In my July 31 post, I said the Harper government could solve its Kyoto problems by doubling the Wind Power Production Incentive (WPPI) to 2,000 megawatts and extending it to other forms of clean power production, including nuclear.
Why would this solve the government’s problems? Doubling the WPPI would provide financial support to a form of energy that no one disagrees with (in principle). According to the Canadian Wind Energy Association, it would kick-start the installation of untold megawatts of wind energy. However, for reasons I went into in my June 2 post, I doubt that even this generous financial support would result in a huge infusion of wind energy into Canadian electricity systems. (We would see a lot of NIMBY battles; just ask Enbridge how its wind projects are moving.)
But that’s not the point. Wind is a hugely visible form of generation. Everyone knows about the windmill at the CNE in Toronto. It’s a conversation piece, cited by every green advocate as the wave of the future. (Never mind that it’s only 750 kilowatts and that it doesn’t generate anything when the wind isn’t blowing—as I noticed as I drove by it at around 11:00 a.m. on July 26 of this year, in the middle of a suffocating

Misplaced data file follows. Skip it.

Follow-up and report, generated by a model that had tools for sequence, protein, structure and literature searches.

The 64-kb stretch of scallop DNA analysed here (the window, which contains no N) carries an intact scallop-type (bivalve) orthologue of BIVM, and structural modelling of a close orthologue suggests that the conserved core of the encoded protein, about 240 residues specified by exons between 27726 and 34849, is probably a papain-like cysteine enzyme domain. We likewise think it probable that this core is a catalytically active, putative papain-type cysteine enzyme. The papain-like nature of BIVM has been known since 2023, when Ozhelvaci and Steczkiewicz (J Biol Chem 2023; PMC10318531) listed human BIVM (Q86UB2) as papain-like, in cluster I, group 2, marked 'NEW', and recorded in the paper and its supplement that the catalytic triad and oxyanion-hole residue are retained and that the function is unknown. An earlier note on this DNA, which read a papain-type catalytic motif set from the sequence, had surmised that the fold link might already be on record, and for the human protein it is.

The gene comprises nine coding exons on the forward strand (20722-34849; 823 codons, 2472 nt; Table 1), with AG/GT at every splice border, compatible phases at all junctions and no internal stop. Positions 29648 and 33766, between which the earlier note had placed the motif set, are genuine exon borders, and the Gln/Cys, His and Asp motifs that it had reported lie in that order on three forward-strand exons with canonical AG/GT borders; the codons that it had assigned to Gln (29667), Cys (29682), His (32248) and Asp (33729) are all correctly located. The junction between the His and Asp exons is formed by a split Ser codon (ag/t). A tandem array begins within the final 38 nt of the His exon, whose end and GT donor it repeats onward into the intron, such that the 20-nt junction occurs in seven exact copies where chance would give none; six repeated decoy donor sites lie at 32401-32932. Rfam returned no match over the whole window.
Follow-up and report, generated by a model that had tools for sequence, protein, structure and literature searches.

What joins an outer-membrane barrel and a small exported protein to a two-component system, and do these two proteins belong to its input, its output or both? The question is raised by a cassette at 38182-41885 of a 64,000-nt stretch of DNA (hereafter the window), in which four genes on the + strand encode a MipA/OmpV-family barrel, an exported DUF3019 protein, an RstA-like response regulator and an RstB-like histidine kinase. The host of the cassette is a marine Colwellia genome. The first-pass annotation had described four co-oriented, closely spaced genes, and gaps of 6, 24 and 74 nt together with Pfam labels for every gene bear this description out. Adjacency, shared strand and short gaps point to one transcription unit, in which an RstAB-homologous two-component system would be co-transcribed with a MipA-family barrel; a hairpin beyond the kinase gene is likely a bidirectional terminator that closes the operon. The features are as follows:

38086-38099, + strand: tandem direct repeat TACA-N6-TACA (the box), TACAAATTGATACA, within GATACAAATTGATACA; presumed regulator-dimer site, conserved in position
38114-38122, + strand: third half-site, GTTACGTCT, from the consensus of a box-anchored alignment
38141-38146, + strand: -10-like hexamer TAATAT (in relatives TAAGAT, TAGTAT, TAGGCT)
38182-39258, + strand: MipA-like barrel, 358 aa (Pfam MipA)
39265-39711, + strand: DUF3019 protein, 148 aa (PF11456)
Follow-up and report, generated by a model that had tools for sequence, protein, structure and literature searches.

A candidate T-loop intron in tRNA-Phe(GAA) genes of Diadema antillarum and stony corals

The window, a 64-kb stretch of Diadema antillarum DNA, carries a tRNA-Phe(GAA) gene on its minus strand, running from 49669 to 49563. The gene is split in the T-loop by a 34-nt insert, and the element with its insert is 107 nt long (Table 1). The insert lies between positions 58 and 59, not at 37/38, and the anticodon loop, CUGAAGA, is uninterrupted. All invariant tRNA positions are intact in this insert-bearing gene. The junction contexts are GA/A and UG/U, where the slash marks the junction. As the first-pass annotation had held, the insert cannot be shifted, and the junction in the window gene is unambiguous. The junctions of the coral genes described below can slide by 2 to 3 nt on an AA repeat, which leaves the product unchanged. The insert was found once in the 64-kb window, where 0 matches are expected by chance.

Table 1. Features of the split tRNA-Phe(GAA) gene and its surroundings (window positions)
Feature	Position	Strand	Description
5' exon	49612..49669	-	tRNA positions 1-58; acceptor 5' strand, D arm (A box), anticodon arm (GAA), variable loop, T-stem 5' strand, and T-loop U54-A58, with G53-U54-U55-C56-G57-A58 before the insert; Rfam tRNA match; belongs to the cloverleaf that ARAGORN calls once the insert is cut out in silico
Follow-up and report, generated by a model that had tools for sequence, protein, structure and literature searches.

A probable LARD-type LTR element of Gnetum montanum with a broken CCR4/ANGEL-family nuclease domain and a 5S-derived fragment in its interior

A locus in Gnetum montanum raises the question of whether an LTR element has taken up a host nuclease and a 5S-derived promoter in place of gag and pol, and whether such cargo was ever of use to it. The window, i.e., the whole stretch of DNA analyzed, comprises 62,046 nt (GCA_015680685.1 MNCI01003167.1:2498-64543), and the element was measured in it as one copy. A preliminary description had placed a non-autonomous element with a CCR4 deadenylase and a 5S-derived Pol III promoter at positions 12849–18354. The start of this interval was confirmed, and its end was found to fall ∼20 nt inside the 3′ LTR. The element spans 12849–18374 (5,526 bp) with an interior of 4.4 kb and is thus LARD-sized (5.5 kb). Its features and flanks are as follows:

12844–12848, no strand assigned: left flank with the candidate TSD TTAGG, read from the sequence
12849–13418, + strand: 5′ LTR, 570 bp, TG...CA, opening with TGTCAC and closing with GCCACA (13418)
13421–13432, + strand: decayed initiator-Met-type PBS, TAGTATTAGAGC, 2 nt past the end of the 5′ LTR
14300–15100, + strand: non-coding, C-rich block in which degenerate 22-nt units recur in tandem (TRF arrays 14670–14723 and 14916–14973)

So even if doubling the WPPI resulted in only, say, 500 megawatts of new wind installations, these 500 MW would be tangible, visible evidence of the government’s support for wind and its commitment to addressing climate change and clean air.
Most people don’t realize that these massive windmills contribute only a tiny proportion to our electricity supply mix. This is why the WPPI should be extended to include other forms of clean generation. This support would help buy down the risk of new nuclear projects, which is where we would achieve by far the biggest reductions in greenhouse gas (GHG) and pollution emissions.
Could Harper successfully sell such a policy move to the pro-Kyoto constituency in Quebec, whose support could help him turn his minority government into a majority? I bet he could.